Resources


Most of this article comes from an excellent book that we highly recommend:

"In Focus: Developing a Working Relationship With Your Performance Dog" by Deborah Jones, Ph.D & Judy Keller.




 


 



Moving Control

 

Your dog should be proficient at stationary exercises before introducing moving control exercises, which are much more challenging.

Controlled walking: Do not start this exercise until your dog is proficient at coming in to both sides. In controlled walking your dog should walk next to you on the desired side and at the same speed that you are moving. Your dog should speed up and slow down with you. Be sure that your dog stays parallel to you and does not race ahead. Start controlled walking with just a step or two, marking and treating your dog for moving with you. As your dog becomes successful, increase the number of steps you take before reinforcing. Once your dog can move with you at a normal pace, then you can add slow and fast changes of pace. If you have a dog that consistently wants to move ahead of you, it is a good idea to mark and then toss the reinforcer behind the dog to keep him from focusing forward as much. If you have a Velcro dog (a dog that wants to stay glued to your side and not move ahead), it is a good idea to mark and then toss the reinforcer ahead of the dog to encourage him to move forward confidently.

Let's go: Once you have mastered controlled walking, you can take this exercise to the next level by adding running to it. Use an exciting verbal prompt as you encourage your dog to run along with you. Keep connected to your dog by using praise. Your dog does not need to maintain strict eye contact but must be responsive to you. Run and then slow down in short, intense spurts. You want your dog to run parallel to you at approximately the same speed. If your dog tends to forge ahead of you, turn away from him and run in the opposite direction, encouraging him to catch up. Be sure to reinforce your dog for catching you. Practice this exercise with your dog on both your left and right sides.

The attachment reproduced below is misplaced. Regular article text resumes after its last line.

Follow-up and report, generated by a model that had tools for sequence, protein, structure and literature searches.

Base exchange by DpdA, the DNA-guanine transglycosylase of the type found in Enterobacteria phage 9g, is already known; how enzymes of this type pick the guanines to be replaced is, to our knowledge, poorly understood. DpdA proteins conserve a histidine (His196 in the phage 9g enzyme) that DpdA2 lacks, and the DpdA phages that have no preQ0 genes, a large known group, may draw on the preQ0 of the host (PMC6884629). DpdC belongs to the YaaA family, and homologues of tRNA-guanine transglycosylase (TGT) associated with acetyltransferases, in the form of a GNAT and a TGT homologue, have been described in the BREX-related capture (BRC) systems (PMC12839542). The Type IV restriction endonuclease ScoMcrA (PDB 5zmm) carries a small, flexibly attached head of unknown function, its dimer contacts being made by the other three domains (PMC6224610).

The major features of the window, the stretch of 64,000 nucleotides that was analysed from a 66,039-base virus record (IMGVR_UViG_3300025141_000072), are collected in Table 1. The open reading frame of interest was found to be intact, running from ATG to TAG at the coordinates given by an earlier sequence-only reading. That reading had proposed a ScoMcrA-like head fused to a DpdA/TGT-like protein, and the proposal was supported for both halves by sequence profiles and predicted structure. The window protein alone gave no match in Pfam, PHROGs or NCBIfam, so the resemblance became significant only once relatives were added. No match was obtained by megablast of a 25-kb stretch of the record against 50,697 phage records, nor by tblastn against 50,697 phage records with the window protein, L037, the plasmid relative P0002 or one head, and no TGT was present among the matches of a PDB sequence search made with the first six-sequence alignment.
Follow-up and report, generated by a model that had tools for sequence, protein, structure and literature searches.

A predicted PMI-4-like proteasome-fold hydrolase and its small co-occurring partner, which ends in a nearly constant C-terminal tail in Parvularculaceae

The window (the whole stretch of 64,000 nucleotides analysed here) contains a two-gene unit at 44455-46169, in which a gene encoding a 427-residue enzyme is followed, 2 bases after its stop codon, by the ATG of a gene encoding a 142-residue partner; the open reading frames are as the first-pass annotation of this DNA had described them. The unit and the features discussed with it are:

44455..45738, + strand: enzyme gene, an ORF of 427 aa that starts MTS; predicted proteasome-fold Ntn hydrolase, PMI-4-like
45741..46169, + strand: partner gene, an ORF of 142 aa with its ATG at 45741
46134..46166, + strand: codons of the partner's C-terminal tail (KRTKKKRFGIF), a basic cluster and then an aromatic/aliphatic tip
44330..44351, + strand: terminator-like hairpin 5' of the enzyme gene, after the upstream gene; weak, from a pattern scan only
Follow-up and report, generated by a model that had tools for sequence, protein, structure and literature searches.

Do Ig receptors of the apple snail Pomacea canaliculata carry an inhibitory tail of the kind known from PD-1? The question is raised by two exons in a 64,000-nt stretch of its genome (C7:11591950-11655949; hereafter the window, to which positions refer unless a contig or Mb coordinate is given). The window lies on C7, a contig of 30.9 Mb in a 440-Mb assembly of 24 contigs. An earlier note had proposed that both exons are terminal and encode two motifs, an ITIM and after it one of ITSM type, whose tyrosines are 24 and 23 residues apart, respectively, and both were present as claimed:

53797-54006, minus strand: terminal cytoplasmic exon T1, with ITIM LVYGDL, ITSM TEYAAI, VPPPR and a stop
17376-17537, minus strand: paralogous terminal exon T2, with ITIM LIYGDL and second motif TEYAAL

CROSSES
The purpose of a cross is to change the side of your body that your dog is working on. The types of turns and crosses you may use on an agility course depend on the nature of the course, your dog, and your physical abilities. Most people find it useful to he able to perform at least some of these maneuvers. We will give a brief general description

Front cross: You will use the front cross as a way to switch sides when you are ahead of your dog. You will turn toward your dog, cueing your dog to turn toward you so he ends up on the opposite side of your body.

Rear cross: You will use the rear cross as a way to switch sides when you are behind your dog. As the dog moves ahead, you will cross behind, which will cue your dog to turn in the new direction, and continue with your dog on the opposite side.

Blind cross: As with the front cross, the blind cross is used to switch sides when you are ahead of your dog. Instead of turning into your dog, you will continue moving forward ahead of your dog and cross his path, so he ends tip on your opposite side. We don’t use blind crosses often, if ever, because it entails
losing visual communication with our dog.

AGILITY HEELING
Once you have mastered the basic moving control exercises, you can put them all together to practice agility heeling. Agility heeling gives you the opportunity to perform all the basic agility moves without equipment. It is also an excellent way to improve your teamwork and your dog's responsiveness to your cues. We recommend that you use a combination of verbal cues, body language, and hand signals during agility heeling. Start out slowly at first and only try one or two moves at a time. It will take you a while to feel comfortable going through the agility moves at a normal and at a fast pace with your dog. If you feel unsure about performing this exercise, check with your agility instructor for feedback and suggestions.
Agility heeling can include controlled walking, Let's go, and front and rear crosses. Be surprising and exciting during this exercise. Keep each sequence of agility heeling relatively short (no more than I to 2 minutes) and reinforce your dog multiple times during each sequence. You can mark and treat for attention, a quick response, a nice cross, and so on, then simply continue with the sequence. Release your dog
for a minute or so between each sequence and allow him to relax. Remember to practice all your moving exercises with your dog on both your left and right sides.
Some examples of agility heeling would be:

  • Start with a quick Let's go, take a few steps, do a front cross, slow down into controlled walking for a few steps, and then do a blind cross.